In an interview I did with Maggie Nelson a few years ago, I asked her about obsession, too. I used a quote from Eve Sedgwick who called obsession “the most durable form of intellectual capital.” I wondered then if an obsession could be exorcised if it was pursued hard enough. I think it’s true that we run through our obsessions through tending to them, but the obsessive mind is quick to latch onto a new interest and devote itself to that just as intensely.
I think obsession can motivate us to figure something out, to get as close as we can to a subject. That drive can be helpful in giving us the stamina needed to create great art. For me, if I’m not obsessed with something I lose focus or interest and the subject and project can fall away.
Many of the characters in my stories are also grappling with obsession and how it moves and manifests through their lives.
EM: I’m fascinated by the relationship your characters have to romantic love. For them, it tends to be located in the past, and to be linked to a person with whom a lasting relationship is impossible. How true do you feel this description is, in the world of your book?
GH: It’s very true. Many of the narrators in these stories long for romance but have pursued situations, consciously or not, where their lover is absent or has absconded. The narrators are stuck in a constant state of waiting or dreaming, which makes the romance burn brighter. The love object is gone and yet the lover still feels the effects of its gravity. It’s an old trope. And it reminds me of this quote from Barthes in A Lover’s Discourse, a book I adore. He writes about the same sentiment when he says: “Someone tells me: this kind of love is not viable. But how can you evaluate viability? Why is the viable a Good Thing? Why is it better to last than to burn?”
We give a lot of attention to the idea of a love “lasting.” A relationship is, by conventional standards, considered a success if it continues and stands the test of time, but some very powerful connections burn bright and then die out. Some of the most formative relationships people have don’t last. They are important precisely because of (or maybe in spite of, I don’t actually know) their unviability. They are “Good Things” and yet untenable. Reversely, some of the most viable connections might not be “Good.” This is a concept I turn over and over in my book. So, you’re right to draw attention to it here. I think my narrators are grappling with how to locate their desire in the present moment and if that’s something that’s possible for them.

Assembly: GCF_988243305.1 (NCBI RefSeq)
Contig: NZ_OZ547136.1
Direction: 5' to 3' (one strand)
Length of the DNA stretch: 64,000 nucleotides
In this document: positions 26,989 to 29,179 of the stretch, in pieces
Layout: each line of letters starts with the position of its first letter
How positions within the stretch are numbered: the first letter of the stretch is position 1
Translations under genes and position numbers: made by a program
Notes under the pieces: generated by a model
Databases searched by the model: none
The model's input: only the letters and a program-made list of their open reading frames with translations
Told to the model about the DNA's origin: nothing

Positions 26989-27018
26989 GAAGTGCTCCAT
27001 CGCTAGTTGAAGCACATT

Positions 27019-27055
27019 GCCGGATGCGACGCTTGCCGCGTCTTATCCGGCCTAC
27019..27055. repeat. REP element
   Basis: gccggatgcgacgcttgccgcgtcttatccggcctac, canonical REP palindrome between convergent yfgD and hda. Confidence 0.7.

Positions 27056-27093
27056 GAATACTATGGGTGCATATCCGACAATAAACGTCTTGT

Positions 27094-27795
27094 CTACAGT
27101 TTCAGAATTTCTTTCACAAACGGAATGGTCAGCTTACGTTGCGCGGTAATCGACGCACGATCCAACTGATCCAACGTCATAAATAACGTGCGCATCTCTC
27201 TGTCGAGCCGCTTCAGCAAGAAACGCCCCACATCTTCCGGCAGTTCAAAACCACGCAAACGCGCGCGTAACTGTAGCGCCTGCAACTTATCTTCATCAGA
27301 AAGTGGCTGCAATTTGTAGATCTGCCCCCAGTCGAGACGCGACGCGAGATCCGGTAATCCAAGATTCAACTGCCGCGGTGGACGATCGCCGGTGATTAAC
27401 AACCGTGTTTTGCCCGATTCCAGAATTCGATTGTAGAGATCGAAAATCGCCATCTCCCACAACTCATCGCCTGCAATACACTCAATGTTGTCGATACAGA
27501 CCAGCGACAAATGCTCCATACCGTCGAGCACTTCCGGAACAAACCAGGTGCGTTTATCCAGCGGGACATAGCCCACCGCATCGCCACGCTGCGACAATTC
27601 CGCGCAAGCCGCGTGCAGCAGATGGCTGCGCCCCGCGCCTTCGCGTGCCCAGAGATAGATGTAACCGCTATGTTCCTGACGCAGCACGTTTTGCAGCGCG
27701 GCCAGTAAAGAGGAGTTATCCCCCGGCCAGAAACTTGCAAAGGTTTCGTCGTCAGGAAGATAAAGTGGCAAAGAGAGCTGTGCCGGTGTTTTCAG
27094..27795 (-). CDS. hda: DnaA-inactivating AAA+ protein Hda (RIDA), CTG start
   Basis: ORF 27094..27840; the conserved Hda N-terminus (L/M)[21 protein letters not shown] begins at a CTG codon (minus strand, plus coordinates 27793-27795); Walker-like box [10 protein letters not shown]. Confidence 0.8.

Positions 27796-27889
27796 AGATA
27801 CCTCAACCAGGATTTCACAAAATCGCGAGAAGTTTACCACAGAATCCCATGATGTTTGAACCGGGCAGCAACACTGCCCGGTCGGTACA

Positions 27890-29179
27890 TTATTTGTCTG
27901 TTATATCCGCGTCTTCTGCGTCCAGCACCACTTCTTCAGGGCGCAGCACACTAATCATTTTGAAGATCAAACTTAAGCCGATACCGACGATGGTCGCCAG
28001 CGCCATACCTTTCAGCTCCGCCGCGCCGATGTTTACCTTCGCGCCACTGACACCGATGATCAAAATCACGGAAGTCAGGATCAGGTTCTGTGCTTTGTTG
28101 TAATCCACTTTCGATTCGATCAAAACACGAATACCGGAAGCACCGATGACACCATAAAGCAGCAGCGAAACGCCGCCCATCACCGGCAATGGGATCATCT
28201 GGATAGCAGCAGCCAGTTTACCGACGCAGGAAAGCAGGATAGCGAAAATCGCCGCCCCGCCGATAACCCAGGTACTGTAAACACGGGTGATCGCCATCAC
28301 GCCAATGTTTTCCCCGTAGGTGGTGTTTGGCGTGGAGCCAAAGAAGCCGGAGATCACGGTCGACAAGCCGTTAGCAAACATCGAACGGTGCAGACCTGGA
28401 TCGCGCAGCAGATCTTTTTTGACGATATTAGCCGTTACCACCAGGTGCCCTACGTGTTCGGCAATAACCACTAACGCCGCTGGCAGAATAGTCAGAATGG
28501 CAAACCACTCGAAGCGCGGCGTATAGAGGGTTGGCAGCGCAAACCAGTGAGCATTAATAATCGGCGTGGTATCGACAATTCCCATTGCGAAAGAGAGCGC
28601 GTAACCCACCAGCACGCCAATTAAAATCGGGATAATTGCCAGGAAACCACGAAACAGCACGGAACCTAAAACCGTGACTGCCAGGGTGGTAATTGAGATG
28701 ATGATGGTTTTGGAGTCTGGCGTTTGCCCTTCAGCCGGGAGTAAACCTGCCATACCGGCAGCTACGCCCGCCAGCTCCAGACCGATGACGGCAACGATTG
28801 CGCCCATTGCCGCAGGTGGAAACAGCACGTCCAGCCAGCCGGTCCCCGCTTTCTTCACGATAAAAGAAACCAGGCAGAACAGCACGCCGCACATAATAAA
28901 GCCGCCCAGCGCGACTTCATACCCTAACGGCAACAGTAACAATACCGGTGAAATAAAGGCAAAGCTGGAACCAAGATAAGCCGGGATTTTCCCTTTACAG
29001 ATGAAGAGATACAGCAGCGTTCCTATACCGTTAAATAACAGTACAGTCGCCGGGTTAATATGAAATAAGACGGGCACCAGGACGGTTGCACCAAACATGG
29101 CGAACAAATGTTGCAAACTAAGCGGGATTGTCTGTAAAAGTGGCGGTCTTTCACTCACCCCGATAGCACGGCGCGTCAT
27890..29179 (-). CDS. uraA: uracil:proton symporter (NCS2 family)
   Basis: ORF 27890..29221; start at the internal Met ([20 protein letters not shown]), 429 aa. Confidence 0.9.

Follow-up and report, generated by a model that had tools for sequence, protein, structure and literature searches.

EM: Many of the narrators in these stories are in a relationship — they are part of a couple. And yet the stories they are telling seem to arise from a solitude they have either forged for themselves, or that has been forged for them. Could you talk about solitude as a theme or motif that reveals itself in your work?
GH: I’ve been thinking a lot lately about what it means to be alone. And the difference between that and loneliness. It’s a familiar contradiction, being lonely among people. Of course, you can have solitude without loneliness. It’s maybe the saddest solitude to be lonely when you are with your lover or friend, but that’s a feeling many of my characters experience and it’s an existential one. It reminds them that deep down they can never fully be known by another person.
Many of the characters in my stories are also seekers. And, as you know, searching requires isolation, solitude, and moments of profound quiet. Montaigne once wrote: “The greatest thing in the world is to know how to belong to oneself.” My characters are on journeys to belong to themselves and to do that, they need to inhabit themselves. They have to forge, as you say, moments of solitude to get there.